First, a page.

Autoimmune cytopenia is a frequent manifestation of primary immunodeficiencies. Two siblings presented with Evans syndrome, viral infections, and progressive leukopenia. DNA available from one patient showed a homozygous frameshift mutation in tripeptidyl peptidase II (TPP2) abolishing protein expression. TPP2 is a serine exopeptidase involved in extralysosomal peptide degradation. Its deficiency in mice activates cell death programs and premature senescence. Similar to cells from naïve, uninfected TPP2-deficient mice, patient cells showed increased major histocompatibility complex I expression and most CD8+ T-cells had a senescent CCR7-CD127−CD28−CD57+ phenotype with poor proliferative responses and enhanced staurosporine-induced apoptosis. T-cells showed increased expression of the effector molecules perforin and interferon-γ with high expression of the transcription factor T-bet. Age-associated B-cells with a CD21− CD11c+ phenotype expressing T-bet were increased in humans and mice, combined with antinuclear antibodies. Moreover, markers of senescence were also present in human and murine TPP2-deficient fibroblasts. Telomere lengths were normal in patient fibroblasts and granulocytes, and low normal in lymphocytes, which were compatible with activation of stress-induced rather than replicative senescence programs. TPP2 deficiency is the first primary immunodeficiency linking premature immunosenescence to severe autoimmunity. Determination of senescent lymphocytes should be part of the diagnostic evaluation of children with refractory multilineage cytopenias. PMID:25414442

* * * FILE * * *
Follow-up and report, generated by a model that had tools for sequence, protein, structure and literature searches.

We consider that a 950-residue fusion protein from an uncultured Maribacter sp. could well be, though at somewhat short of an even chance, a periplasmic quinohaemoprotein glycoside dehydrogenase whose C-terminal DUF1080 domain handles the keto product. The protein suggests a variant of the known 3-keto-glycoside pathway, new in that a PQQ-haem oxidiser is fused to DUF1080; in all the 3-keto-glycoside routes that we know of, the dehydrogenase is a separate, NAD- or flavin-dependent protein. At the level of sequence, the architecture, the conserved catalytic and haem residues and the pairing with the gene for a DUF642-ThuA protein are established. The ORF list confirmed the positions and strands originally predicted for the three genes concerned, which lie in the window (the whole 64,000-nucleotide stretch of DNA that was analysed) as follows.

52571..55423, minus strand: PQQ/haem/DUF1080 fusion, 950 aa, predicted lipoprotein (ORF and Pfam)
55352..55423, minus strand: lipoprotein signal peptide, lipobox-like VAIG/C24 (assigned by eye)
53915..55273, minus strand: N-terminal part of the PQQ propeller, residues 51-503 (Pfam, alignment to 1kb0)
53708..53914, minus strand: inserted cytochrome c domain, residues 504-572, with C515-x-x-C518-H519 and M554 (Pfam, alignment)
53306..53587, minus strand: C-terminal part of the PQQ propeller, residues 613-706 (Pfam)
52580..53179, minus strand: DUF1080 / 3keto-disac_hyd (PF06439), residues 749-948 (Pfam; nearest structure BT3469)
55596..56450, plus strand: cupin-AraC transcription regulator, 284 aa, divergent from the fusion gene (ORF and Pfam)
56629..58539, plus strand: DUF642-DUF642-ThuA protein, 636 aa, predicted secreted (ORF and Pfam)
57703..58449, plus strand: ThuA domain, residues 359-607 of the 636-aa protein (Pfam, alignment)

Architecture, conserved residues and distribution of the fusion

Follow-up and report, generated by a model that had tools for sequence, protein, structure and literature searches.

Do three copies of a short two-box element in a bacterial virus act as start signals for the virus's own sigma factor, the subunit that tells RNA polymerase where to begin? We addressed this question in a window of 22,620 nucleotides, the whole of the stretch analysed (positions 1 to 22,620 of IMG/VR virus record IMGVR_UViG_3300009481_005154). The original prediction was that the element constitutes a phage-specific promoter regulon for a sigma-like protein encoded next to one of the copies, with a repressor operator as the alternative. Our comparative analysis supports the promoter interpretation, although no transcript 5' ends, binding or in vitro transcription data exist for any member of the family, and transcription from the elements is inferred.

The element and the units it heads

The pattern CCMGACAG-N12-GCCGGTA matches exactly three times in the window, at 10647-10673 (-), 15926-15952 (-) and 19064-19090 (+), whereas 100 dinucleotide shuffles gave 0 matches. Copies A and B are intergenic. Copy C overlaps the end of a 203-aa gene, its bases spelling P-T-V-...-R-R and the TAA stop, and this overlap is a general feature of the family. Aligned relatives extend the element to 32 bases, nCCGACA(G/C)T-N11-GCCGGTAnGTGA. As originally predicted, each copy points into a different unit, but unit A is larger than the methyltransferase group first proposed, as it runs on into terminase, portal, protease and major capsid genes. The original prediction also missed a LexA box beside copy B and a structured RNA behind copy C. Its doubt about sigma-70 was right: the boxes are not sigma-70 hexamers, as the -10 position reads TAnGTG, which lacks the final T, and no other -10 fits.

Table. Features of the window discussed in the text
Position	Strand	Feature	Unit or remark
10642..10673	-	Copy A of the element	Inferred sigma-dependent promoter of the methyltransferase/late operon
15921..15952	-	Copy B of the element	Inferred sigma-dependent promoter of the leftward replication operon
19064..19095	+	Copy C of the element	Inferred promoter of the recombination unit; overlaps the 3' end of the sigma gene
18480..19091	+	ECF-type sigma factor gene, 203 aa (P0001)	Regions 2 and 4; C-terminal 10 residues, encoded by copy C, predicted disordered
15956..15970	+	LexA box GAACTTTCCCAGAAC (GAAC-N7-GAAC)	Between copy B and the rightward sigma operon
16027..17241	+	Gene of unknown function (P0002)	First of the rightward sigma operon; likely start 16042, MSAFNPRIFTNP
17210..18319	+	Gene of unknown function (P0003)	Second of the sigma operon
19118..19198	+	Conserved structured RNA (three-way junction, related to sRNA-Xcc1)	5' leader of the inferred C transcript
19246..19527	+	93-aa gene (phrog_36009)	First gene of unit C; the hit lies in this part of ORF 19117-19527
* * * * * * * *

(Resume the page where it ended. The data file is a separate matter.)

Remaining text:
10. The effects of chronic photoperiod shifting on the physiology of female Long-Evans rats.

    PubMed

    Deibel, Scott H; Hong, Nancy S; Himmler, Stephanie M; McDonald, Robert J

    2014-04-01